They are among 506 scientists, engineers and innovators chosen for their scientifically and socially distinguished achievements
Nine faculty and one staff member with Medical School ties are among 17 from across the University of Michigan campus elected as 2022 fellows of the American Association for the Advancement of Science (AAAS).
AAAS, the world’s largest general scientific society and publisher of the Science family of journals, announced Jan. 31 that 506 scientists, engineers and innovators have been chosen for their scientifically and socially distinguished achievements.
“AAAS is proud to elevate these standout individuals and recognize the many ways in which they’ve advanced scientific excellence, tackled complex societal challenges and pushed boundaries that will reap benefits for years to come,” said Sudip Parikh, AAAS chief executive officer and executive publisher of the Science family of journals.
The U-M fellows from Michigan Medicine are:
Thomas Carey, Ph.D., distinguished research scientist emeritus and professor emeritus of otolaryngology and of pharmacology in the Medical School, for distinguished contributions to the field of otolaryngology, particularly for his research on the mechanisms of autoimmune hearing loss mediated by antibodies to inner ear antigens.
Kara Gavin, M.S., lead public relations representative at Michigan Medicine and research and policy media relations manager for the U-M Institute for Healthcare Policy and Innovation, for distinguished contributions in communicating about science, medicine and health policy, and training researchers and biomedical students in communicating with the press and public.
Johann Gudjonsson, M.D., Ph.D., the Arthur C. Curtis Professor of Skin Molecular Immunology and professor of dermatology in the Medical School, for pioneering the use of high throughput biology to further our understanding of the genetics and pathophysiology of major inflammatory and immune skin diseases.
Joerg Lahann, Ph.D., the Wolfgang Pauli Collegiate Professor of Chemical Engineering and professor of biomedical engineering (joint department with Medical School), of materials science and engineering, and of macromolecular science and engineering in the College of Engineering, for distinguished contributions to the field of polymeric materials engineering, particularly biointerfaces prepared using chemical vapor polymerization.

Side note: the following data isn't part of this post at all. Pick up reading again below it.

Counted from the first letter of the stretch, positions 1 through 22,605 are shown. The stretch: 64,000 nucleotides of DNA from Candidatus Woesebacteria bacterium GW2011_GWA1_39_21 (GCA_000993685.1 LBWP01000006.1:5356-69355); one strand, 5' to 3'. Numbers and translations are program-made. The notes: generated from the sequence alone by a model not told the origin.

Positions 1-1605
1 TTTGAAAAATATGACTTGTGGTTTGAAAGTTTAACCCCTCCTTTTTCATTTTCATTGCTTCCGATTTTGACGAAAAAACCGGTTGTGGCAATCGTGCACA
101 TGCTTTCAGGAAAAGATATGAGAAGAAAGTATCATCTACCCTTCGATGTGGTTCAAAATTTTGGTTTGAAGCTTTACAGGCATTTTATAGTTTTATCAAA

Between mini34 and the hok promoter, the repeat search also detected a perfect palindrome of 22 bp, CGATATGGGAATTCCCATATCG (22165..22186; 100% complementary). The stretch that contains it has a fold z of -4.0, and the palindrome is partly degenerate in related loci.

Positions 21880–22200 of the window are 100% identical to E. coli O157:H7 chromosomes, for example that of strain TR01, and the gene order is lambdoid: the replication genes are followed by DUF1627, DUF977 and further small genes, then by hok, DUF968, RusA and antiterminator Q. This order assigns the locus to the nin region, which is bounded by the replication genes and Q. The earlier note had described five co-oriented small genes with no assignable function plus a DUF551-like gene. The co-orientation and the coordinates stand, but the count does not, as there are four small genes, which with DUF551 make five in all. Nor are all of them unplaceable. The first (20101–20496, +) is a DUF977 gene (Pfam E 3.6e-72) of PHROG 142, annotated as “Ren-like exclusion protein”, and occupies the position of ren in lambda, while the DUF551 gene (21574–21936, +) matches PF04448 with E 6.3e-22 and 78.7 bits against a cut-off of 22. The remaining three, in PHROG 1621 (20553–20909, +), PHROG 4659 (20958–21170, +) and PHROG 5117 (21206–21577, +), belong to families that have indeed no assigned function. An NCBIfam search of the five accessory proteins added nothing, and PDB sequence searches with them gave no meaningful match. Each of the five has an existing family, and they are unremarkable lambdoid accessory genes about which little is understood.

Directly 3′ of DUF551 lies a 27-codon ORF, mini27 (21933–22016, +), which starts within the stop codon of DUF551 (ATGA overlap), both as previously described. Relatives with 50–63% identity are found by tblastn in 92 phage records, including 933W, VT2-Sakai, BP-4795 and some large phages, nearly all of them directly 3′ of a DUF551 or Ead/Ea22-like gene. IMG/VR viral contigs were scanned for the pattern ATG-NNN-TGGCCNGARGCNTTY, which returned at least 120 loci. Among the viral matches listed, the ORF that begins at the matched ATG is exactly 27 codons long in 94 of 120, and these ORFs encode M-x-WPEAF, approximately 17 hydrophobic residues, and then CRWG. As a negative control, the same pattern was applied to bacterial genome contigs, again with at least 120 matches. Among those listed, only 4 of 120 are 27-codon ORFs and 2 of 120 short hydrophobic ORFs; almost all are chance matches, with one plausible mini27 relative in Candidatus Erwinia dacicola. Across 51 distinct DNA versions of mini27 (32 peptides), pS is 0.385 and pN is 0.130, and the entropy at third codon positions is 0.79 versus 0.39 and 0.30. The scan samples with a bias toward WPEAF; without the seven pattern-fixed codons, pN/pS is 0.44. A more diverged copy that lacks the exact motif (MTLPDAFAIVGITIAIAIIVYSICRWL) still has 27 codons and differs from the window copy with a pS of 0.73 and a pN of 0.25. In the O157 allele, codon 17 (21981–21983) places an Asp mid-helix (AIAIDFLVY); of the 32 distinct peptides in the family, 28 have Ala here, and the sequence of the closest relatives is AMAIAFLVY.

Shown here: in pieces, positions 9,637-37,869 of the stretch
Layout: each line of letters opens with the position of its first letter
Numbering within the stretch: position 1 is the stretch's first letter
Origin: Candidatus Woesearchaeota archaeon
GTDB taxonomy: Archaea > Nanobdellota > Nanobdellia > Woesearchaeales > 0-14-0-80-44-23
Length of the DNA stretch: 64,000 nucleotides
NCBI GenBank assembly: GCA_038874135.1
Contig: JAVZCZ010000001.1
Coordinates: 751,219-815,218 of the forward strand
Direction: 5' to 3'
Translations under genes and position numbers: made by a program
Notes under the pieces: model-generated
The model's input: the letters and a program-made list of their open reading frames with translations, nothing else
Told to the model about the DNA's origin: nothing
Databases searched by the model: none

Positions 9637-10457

Marina Pasca di Magliano, Ph.D., the Maude T. Lane Professor of Surgical Immunology, and professor of surgery and of cell and developmental biology in the Medical School, for distinguished contributions to the field of cancer biology, particularly tumors of the pancreas, and for leadership in graduate and postgraduate education and training.
Donna Martin, M.D., Ph.D., the Ravitz Foundation Endowed Professor of Pediatrics, professor of pediatrics and of human genetics in the Medical School, for distinguished contributions to the field of developmental neuroscience, particularly for modeling epigenetic disorders to treat human disease.
Asma Nusrat, M.D., the F. Peyton Rous Professor of Experimental Pathology, professor of pathology, and director of Physician Scientist Training Program in the Medical School, for distinguished contributions to the field of pathology, particularly for providing insights into fundamental mechanisms controlling epithelial barrier function and repair under conditions of inflammation and during homeostasis.
Charles Parkos, M.D., Ph.D., the Carl Vernon Weller Professor of Pathology and professor of pathology in the Medical School, for distinguished contributions to the field of pathology, particularly for his research on the basic mechanisms of inflammation and modeling of the process of leukocyte transepithelial migration.
Randy Seeley, Ph.D., the Henry King Ransom Professor of Surgery and professor of surgery and of internal medicine in the Medical School, and professor of nutritional sciences in the School of Public Health, for distinguished contributions to the fields of food intake and body weight control.
John Traynor, Ph.D., the Edward F. Domino Research Professor of Pharmacology, and professor of pharmacology and of medicinal chemistry in the College of Pharmacy, for outstanding contributions to understanding opiate receptor structure and function, opiate pharmacology and drug discovery, and mechanism of drug addiction, and for his exceptional administration in academe and professional societies.
Read more about the 17 AAAS fellows from the U-M in The University Record.